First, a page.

On Tuesday night, as the Texas state senate entered the final hours of a legislative special session and Sen. Wendy Davis filibustered a draconian abortion bill, 180,000 people watched it all on a dramatic livestream provided by the nonprofit, nonpartisan Texas Tribune. Yesterday I called up Evan Smith, editor in chief and CEO of the four-year-old news organization, to ask about their big night and for some #realtalk about how they make nonpartisan political media sexy to news consumers.

Were you gearing up for this to be a big national news story?

We’ve been doing this all session. We’re all really strung out, we’re all really burned out. The last day finally comes, and this all blows up. You understand from a journalistic standpoint that this was like Wimbledon, the Super Bowl, Christmas, and my bar mitzvah all in one. But it was also draining. We’re walking around today like World War Z zombies.

So you were surprised.

Look, we’ve been at this almost four years. We’re digital-first. We’ve been operating as an online news organization, availing ourselves of the opportunities that 21st-century technology presents. Yet even almost four years in, I’m amazed at how the modern world visits itself upon hidebound institutions and everything changes.

There was a speaker of the Texas House who, 10 years ago during the 2003 session, was accused of a similar heavy-handed tactics. No one was paying attention, in part because no one had the means to be engaged because there was no Twitter, there was no YouTube, really. There was no use of technology to marshal and organize and build community and connect people.

Unlike Tuesday, which was a veritable social media explosion.

This was a truly transformational moment in Texas politics. We hadn’t considered the possibility that by the transmission of this livestream it would become the national and international story that it did.

It made Wendy Davis a star. She gained 80,000 Twitter followers.

Wendy Davis is the first Democrat to emerge from what has been a dormant—if not dead—party for 20 years. Not since Ann Richards in 1990 has a Texas Democrat been the national and international icon that Wendy Davis now is. It may amount to nothing politically for her, it may amount to nothing politically for Texas. But you really saw something yesterday, and I think technology was the reason.

The livestream thing itself is interesting. We specifically sought permission from the legislature in 2013 to jack into their feed and present the livestream on an ongoing basis for free to people who access our site. The cable companies had permission, but of course you had to pay to watch. We said, we think we can do this better.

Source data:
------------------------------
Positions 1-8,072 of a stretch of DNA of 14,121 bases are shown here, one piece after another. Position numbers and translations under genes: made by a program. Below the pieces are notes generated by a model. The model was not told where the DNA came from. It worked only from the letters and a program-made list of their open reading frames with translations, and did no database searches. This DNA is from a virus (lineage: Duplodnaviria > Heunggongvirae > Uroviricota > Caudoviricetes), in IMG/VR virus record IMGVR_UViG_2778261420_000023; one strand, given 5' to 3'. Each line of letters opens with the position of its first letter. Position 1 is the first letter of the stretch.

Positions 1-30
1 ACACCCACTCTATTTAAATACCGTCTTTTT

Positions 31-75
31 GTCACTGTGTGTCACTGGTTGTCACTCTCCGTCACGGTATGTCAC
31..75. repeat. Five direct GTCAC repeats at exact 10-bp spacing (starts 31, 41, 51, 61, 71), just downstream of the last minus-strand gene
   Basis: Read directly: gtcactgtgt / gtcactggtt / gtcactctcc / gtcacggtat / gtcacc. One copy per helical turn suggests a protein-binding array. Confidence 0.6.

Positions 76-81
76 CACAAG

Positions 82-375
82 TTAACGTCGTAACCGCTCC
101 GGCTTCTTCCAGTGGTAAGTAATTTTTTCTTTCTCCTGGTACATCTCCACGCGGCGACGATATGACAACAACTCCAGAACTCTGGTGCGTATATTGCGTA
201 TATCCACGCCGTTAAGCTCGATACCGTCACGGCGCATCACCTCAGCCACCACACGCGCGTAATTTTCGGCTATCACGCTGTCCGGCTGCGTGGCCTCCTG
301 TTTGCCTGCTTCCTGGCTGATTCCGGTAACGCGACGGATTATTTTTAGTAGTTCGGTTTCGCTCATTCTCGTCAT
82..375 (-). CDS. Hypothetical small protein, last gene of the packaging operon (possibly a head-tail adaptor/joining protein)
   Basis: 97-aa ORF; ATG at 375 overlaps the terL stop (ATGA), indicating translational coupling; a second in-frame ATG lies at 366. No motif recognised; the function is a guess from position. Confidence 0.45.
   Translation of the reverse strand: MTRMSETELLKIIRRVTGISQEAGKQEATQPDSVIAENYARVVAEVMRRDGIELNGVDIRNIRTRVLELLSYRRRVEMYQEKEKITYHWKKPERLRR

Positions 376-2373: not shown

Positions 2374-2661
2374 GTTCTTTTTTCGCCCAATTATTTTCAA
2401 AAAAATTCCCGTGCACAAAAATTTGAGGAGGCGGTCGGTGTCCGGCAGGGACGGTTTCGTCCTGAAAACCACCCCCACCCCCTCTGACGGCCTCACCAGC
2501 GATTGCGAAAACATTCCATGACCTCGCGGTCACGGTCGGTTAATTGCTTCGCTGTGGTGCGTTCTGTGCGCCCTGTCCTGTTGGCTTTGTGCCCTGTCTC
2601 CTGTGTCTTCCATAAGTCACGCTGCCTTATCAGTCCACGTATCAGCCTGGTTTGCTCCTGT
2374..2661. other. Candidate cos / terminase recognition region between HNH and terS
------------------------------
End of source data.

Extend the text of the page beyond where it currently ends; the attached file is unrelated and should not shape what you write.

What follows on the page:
Everyone was watching your feed on Tuesday.

I think it says something about the degree to which people are willing to be engaged. We started four years ago in response to what we believed to be the decline in coverage of serious issues by media in Texas. The fact that those papers and TV and radio stations were not covering this as aggressively as they did before meant that people were not engaged on these issues. In 2010 Texas had the lowest voter turnout of the 50 states and DC. This is a state in which people are simply not paying attention. So we started to try to rectify that. We provide reliable, nonpartisan information about the issues that are in play, information that gives people a reason to shake their fist or give a thumbs up.

Have you seen any of the chatter about how the country’s biggest news outlets really whiffed on this story?

That’s totally unfair. Nobody in traditional media had any idea this was going to be the story it was. Their resources are invested elsewhere.

I love that your mission is to cover Texas politics and policy “with verve.”

The false assumption is that this stuff has to be boring. It doesn’t. Technology provides a way to make this stuff much more dynamic. Our success is not going to be tied to the content we produced, but the ways we present that content. You’ve got to give people multiple ways in, talk to them on devices they rely on, and on platforms they embrace. You have to go to them rather than waiting for them to come to you, and you have to do it in a way that recognizes that not everybody consumes media in the same way.

Ann Friedman is a magazine editor who loves the internet. She lives in Los Angeles